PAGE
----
The organized Jewish community, in its self-selected role as an auxiliary of the Israeli Prime Minister’s office, steadily proclaims the State of Israel’s support for a negotiated two-state solution to the Israeli-Palestinian conflict. That position, of course, went up in flames, when Netanyahu, on the eve of the Israeli elections declared that there would be no Palestinian state established on his watch. Goodbye, two-state solution.
Actually, Netanyahu, beginning with his first term as prime minister, in 1996, did his best to stall the progress of the 1993 Oslo peace accords. And last summer — in a July 11 press conference, to be precise — Netanyahu diverged from comments about the ongoing Gaza war to emphasize that Israel couldn’t cede military control over the West Bank, lest a radical Islamist regime take control. One could deduce from Netanyahu’s comment that continued Israeli military occupation would be antithetical to Palestinian sovereignty.
J Street, according to Ben-Ami, gave Netanyahu “the benefit of the doubt,” when Secretary of State John Kerry renewed Israeli-Palestinian peace talks two years ago. Now, however, Netanyahu has “explicitly” ruled out the establishment of a Palestinian state. “There won’t be forward progress toward a two-state solution,” Ben-Ami said.
Absent “serious forward movement in negotiations,” Ben-Ami said the U.S. needs to join the international community in “laying out the parameters of a proposed two-state solution, perhaps codifying that at the U.N. in a security council resolution.” J Street also is encouraging the White House “to take a much tougher stance on Israeli settlement expansion.”
Again, from a right-wing point of view, J Street is a dangerous far-left group that’s inimical to Israel’s security. Israel is situated in a “bad neighborhood,” as we’re often reminded. Some Jewish activists on the extreme right even produced a film, The J Street Challenge, which conflated J Street with former Iranian president Mahmoud Ahmadinejad and Hezbollah leader Hassan Nasrallah, in the way that movies can make such emotional connections.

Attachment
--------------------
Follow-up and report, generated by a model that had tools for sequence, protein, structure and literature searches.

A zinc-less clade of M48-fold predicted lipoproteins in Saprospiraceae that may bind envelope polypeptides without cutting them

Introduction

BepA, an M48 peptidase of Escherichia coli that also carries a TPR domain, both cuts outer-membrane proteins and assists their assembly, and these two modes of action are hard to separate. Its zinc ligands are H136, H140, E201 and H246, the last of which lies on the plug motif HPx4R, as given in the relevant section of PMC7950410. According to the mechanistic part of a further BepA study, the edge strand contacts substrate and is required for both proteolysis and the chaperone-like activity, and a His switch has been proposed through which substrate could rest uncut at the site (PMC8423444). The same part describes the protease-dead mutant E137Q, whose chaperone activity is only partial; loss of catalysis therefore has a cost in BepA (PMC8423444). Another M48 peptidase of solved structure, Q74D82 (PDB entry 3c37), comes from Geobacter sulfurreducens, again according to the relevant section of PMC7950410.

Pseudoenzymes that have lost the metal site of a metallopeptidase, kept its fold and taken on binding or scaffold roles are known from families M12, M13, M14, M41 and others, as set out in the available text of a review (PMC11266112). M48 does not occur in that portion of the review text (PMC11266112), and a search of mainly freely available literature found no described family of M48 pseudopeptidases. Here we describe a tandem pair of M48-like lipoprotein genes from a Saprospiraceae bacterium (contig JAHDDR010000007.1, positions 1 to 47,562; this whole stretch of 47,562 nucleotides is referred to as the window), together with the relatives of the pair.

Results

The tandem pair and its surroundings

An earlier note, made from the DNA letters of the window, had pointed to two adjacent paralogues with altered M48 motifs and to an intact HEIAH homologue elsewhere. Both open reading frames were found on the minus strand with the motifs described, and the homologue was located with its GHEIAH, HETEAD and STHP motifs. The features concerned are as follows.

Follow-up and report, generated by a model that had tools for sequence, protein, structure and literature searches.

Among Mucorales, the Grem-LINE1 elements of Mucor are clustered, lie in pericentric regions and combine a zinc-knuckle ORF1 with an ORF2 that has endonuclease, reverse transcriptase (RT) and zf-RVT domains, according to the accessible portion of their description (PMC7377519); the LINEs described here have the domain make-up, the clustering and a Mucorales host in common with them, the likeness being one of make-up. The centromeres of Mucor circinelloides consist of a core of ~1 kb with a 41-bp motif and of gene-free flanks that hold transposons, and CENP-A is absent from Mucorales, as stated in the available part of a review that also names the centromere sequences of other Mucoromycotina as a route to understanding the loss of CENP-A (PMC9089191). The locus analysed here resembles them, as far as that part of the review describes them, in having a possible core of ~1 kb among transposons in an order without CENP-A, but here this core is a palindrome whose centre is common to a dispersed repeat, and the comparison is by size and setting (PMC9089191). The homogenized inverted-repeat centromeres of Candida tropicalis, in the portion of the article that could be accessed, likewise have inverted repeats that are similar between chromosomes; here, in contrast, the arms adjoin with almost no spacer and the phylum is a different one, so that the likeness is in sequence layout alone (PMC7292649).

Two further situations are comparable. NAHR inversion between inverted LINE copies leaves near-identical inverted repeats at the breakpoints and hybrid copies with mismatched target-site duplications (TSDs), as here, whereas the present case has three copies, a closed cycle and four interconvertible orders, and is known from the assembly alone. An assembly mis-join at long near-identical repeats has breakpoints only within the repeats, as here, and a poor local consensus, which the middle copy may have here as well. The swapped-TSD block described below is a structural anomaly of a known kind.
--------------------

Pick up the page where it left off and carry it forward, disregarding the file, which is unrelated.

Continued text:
However, according to Ben-Ami, J Street is winning acceptance within the Jewish community.
“It’s immensely better, you know, we’ve been around now seven years, and the difference today from day one is just enormous,” said Ben-Ami. “Again, it gets consistently better, but that’s not to say that there isn’t a vibrant fight within the Jewish community worldwide about very, very important issues. The views of Netanyahu, of [Jewish Home party leader Naftali] Bennett, of [Israeli Minister of Foreign Affairs Avigdor] Lieberman are very legitimate views, and they are shared by people in this country, in the Jewish community, like Sheldon Adelson and Bill Kristol, and others on the right politically. There’s nothing illegitimate or wrong about their viewpoints; they have the right to stake it out, but it’s just a very different view of the world and a very different view of the value system of the Jewish people. It’s a very different view of how you ensure security over the long run.”
Ben-Ami continued: “And we have to have a vibrant debate. It’s essentially a political fight between two very different worldviews; and at times it gets a little heated and personal. We try not to do that from our side. I sense at times that sometimes our opponents cross a line into a place where the discussion is no longer about the substance of the arguments that we’re having, but gets more personal and touches on things that shouldn’t be brought into the debate, and that film [The J Street Challenge] is a good example of going a little bit too far.”
It will be interesting to see how J Street maneuvers in the aftermath of “March Madness,” and the establishment of a new hard-right government in Israel. My leftist friends in Israel say that J Street came too late and with too little to the debate, and has maintained support for a two-state position that has become stale.
Israelis campaigning for peace, and for human civil rights, increasingly are coming under attack from the right-wing parties. J Street partisans should encourage the group’s leaders to speak out forcefully on behalf of groups in the Jewish state that are championing peace and justice issues.
And who knows, perhaps peace will break out in Israel and Palestine.
— Mordecai Specktor / firstname.lastname@example.org
(American Jewish World, 4.24.15)